Clinical trials are the bane of doctors and researchers alike. They are expensive, they rarely pay off, and they take a long time. But of course no one wants a situation where we simply don’t test drugs before we give them to vulnerable patients. The consequences of under-testing are dire, and it still happens that drugs get withdrawn (as a case study, have a look at Benfluorex’s staggered withdrawal in the EU).
Much as it is clear that drug trials are essential before their widespread introduction to a hospital drugs chart, it is also clear that there are risks involved.
On Clinical Trials
The clinical trial process goes something like this:
- Several months testing in up to 100 healthy volunteers to assess its safety and appropriate dosage (though the latter will vary depending on the patients’ condition).
- Up to 2 years testing in a few hundred patients with the disease of interest to assess efficacy against the disease and side-effects.
- Several years’ testing in up to 3000 individuals with the disease of interest to further assess efficacy and side-effects.
- There may then be a 4th phase of testing to further assess the safety and side-effects if not enough is known.
There are several reasons why clinical trials are expensive, why they fail, why they take so long – these are things I could easily spend a whole post discussing. What we are talking about here is just SAFETY.
So why is it that, after a whole clinical trial, things can still go wrong?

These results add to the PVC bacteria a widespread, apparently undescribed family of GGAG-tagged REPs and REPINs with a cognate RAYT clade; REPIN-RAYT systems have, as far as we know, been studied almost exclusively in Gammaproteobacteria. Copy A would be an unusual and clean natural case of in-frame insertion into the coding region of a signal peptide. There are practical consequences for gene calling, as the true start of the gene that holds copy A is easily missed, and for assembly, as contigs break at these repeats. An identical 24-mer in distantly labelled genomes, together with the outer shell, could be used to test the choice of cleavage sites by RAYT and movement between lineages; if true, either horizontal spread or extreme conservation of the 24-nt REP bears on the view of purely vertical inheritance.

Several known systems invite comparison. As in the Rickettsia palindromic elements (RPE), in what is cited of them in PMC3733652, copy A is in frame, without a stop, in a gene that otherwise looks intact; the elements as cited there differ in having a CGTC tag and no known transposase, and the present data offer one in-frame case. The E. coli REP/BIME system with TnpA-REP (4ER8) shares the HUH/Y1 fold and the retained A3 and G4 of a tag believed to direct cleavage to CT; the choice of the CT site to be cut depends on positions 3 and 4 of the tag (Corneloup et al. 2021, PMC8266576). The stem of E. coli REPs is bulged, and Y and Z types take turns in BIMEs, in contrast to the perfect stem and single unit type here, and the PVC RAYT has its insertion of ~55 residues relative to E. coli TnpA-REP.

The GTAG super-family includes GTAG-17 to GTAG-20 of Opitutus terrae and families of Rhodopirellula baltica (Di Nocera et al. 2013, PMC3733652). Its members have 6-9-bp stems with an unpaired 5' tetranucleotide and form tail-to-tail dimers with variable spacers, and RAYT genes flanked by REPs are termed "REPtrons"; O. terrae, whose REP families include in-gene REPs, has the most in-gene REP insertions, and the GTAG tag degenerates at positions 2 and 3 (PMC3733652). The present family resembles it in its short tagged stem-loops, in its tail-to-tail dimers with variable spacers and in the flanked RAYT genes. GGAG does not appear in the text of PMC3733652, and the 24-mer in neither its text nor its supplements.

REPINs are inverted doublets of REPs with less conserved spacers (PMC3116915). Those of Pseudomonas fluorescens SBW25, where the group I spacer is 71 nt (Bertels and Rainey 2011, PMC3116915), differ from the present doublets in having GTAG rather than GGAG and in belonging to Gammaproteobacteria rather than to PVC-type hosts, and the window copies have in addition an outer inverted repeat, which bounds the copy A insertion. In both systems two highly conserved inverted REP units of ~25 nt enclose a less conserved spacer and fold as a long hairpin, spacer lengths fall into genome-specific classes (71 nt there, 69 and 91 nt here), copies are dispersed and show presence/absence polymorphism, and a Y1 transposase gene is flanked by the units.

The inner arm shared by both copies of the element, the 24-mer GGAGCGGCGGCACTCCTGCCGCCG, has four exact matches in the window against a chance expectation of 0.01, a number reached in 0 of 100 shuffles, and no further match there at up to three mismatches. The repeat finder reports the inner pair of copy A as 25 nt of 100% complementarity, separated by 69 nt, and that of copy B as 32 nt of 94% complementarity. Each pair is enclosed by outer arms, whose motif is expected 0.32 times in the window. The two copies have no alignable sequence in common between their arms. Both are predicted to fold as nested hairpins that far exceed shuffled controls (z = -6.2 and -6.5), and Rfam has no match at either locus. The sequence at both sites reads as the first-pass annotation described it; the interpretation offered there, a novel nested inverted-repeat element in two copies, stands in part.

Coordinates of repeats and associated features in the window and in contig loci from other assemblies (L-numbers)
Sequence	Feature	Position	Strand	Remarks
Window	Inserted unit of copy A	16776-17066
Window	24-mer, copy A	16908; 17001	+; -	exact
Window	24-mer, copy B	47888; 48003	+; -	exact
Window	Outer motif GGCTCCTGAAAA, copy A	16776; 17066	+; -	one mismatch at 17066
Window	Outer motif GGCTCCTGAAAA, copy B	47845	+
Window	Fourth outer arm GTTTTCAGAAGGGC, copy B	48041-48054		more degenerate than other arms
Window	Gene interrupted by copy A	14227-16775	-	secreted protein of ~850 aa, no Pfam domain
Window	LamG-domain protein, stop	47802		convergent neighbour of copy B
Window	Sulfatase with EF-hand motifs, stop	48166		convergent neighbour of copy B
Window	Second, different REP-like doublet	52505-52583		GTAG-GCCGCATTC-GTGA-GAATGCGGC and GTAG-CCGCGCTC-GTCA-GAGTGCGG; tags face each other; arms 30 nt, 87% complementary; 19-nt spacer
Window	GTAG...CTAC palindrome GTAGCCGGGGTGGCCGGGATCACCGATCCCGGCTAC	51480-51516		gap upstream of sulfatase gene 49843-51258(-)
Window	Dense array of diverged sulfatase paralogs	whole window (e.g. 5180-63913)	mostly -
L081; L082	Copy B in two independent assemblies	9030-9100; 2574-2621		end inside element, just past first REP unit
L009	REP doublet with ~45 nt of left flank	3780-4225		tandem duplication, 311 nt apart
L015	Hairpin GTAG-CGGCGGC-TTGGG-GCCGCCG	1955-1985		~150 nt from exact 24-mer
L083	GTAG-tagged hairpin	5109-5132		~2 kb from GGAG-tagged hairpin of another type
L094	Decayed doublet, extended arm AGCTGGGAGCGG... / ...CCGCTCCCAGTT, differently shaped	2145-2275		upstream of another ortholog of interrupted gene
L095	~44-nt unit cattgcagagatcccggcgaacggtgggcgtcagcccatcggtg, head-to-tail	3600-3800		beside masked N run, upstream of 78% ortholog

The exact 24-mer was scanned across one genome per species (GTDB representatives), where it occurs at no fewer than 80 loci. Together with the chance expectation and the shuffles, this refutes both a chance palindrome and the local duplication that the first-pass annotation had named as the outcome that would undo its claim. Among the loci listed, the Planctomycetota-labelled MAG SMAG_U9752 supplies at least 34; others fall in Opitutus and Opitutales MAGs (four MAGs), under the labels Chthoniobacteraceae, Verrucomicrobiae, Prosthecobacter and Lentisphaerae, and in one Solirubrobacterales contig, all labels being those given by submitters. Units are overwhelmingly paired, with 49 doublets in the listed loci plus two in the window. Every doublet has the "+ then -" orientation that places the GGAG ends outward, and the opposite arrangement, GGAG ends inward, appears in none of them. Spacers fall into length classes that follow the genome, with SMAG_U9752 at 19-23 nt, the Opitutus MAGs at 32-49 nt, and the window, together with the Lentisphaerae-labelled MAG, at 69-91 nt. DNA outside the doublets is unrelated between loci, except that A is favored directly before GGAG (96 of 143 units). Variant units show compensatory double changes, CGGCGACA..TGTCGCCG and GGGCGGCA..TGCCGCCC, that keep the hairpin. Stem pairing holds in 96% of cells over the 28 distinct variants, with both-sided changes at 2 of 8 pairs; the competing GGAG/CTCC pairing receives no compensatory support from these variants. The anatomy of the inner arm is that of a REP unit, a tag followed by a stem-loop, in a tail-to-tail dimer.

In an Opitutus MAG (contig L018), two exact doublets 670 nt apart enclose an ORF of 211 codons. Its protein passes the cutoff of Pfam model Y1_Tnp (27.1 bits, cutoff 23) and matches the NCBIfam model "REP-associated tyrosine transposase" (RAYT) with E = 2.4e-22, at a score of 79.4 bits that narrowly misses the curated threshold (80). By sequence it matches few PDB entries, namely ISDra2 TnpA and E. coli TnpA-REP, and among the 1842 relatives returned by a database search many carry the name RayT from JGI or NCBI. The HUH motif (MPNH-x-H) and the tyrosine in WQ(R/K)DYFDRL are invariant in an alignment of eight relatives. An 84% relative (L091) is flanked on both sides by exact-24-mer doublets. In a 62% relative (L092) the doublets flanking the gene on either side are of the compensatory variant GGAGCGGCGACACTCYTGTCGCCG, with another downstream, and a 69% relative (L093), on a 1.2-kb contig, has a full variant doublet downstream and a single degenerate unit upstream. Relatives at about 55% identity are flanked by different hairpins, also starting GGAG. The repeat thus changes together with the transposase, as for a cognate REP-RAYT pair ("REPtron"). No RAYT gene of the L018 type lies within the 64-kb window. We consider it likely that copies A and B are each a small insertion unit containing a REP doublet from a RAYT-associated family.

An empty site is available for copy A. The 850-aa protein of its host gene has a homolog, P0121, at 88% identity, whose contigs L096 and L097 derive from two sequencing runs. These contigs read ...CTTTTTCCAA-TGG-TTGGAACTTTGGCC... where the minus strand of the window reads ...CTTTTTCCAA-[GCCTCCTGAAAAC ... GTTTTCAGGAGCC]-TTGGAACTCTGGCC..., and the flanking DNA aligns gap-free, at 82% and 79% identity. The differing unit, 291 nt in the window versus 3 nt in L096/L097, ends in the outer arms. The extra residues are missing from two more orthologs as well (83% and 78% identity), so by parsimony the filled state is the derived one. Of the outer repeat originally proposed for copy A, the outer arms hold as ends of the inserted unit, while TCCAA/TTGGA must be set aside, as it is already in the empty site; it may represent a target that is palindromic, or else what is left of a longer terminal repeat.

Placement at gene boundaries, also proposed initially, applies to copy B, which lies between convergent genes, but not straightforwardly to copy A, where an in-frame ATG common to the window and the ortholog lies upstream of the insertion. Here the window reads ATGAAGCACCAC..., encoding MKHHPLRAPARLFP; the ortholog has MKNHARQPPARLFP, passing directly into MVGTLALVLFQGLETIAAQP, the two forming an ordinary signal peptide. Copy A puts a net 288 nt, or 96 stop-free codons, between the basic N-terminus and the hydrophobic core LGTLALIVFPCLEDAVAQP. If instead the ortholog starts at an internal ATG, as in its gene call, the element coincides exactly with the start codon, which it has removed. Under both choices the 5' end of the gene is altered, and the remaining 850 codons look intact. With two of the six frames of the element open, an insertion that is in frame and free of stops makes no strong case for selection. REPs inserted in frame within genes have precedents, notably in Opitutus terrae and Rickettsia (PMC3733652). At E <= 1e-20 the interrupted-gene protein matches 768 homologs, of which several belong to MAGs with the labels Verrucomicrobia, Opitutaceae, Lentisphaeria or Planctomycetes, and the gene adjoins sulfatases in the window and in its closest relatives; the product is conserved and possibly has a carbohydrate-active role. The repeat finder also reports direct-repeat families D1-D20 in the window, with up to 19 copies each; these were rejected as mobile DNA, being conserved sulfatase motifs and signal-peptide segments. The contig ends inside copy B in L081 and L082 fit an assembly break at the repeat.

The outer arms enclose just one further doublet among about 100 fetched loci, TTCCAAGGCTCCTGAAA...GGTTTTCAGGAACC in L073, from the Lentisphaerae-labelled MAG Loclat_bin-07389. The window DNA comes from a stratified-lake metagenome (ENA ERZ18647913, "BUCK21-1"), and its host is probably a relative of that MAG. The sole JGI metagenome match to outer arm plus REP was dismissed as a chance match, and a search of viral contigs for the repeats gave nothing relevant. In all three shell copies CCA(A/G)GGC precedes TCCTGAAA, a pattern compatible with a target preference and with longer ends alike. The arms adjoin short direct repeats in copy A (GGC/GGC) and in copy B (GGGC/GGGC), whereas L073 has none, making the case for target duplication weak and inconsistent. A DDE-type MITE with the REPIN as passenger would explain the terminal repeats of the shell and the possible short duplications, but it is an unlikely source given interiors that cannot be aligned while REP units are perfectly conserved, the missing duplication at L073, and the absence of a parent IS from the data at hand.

My favourite word to describe patients is “idiosyncratic”. And it fits perfectly here. Patients are idiosyncratic, different, individuals. They have different bodies, different organs, different cells, different DNA, and therefore their reaction to a chemical being ingested or injected is going to differ from another person.
Sure, we can look at measurable variables such as age, height and weight and predict how these affect a patient’s response to a drug. We can even sequence someone’s DNA and look for heritable characteristics that predict a response as well. But there’s an infinite number of non-heritable characteristics, and non-nuclear DNA to account for as well.
So why do we use drug trials, if they’re so very useless? Simply put, it’s the best thing we have. With novel gene-sequencing technology available to us, we may be able to streamline the process quite a lot in the future, but it’s likely to still be imperfect. Especially as so many life-threatening disorders and diseases only manifest themselves beyond the point of no return.
Who are the guinea pigs?
At the beginning of the year, the Independent published an article about the three most recent drug trials that led to devastating consequences for the volunteers. I’ll link it here as a summary of what can go wrong for the guinea pigs choosing to participate in drug trials.
Other than these participants, there are two other groups that effectively are treated as guinea pigs: children and pregnant women.
It is precisely due to the risks outlined above that we do not include the “at risk” groups of children and pregnant women in clinical trials. Side-effects that could be a minor inconvenience in a healthy individual are exacerbated drastically in unborn children and young people as they could effect their development.
This means that a paediatrician must rely on their expertise and experience alone to prescribe adult-tested medicines on children: tailoring the dosage to the child’s height and weight. As explained above, this isn’t enough. As adult patients’ bodies are idiosyncratic, a child’s body is an entirely different matter. There are countless chemicals running around that we don’t see in an adult, that may interact with the ingested drug in an adverse way.